Sometimes, a structured approach to research can help to organize ideas and the way you think about information sources:
1. Explore topic basics (casual web searching and reference resources)
2. Background/history (library catalog and guides)
3. Current research (library databases: journal articles)
4. Support your argument (source citation)
5. Drafts & revisions (research librarians & learning commons)
HIST 400 requires that you make significant use of core primary sources. Therefore, it is useful to also factor in what sources you have access to and how they might guide you in your research. You may need to shift your focus as you delve deeper into your topic and find available sources.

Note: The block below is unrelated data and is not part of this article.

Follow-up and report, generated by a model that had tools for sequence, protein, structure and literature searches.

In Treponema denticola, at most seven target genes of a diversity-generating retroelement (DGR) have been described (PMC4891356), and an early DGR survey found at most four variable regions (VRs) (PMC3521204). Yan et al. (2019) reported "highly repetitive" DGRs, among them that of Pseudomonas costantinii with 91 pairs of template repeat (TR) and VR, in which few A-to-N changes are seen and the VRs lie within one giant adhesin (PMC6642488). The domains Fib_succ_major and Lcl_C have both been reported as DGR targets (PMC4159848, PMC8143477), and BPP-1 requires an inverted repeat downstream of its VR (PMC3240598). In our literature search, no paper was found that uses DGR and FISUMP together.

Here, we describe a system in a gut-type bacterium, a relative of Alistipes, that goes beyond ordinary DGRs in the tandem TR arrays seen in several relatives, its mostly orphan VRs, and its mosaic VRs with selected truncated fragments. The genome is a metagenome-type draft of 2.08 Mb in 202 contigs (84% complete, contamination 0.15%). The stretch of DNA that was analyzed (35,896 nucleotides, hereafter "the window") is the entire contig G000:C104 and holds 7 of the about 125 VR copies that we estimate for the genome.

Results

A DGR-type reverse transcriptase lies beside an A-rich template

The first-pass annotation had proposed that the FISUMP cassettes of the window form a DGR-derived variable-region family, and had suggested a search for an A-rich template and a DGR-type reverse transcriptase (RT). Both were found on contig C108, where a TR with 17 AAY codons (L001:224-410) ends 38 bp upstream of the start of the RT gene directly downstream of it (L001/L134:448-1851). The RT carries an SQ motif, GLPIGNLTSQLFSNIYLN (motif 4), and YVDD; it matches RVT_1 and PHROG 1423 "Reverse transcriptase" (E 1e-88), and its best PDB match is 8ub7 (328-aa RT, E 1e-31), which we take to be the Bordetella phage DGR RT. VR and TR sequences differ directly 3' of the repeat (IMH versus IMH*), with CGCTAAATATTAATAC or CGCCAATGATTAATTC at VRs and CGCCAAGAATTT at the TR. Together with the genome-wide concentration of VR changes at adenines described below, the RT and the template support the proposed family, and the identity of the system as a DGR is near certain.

- Is your selected topic one that has readily available primary sources? If not, is there a way you might think creatively about your topic? For example, studying U.S. reactions to a historical event in a non-English speaking country (using U.S. based correspondence, newspaper accounts, etc.) or government policies relating to your subject (using more readily available government documents).
- Are the sources you wish to use ones that you are able to fully study in the time you have to complete your research?
- Consider various types of sources. Depending upon your particular topic, you may find oral histories, films, artifacts, photographs and other non-text sources worthy of close study.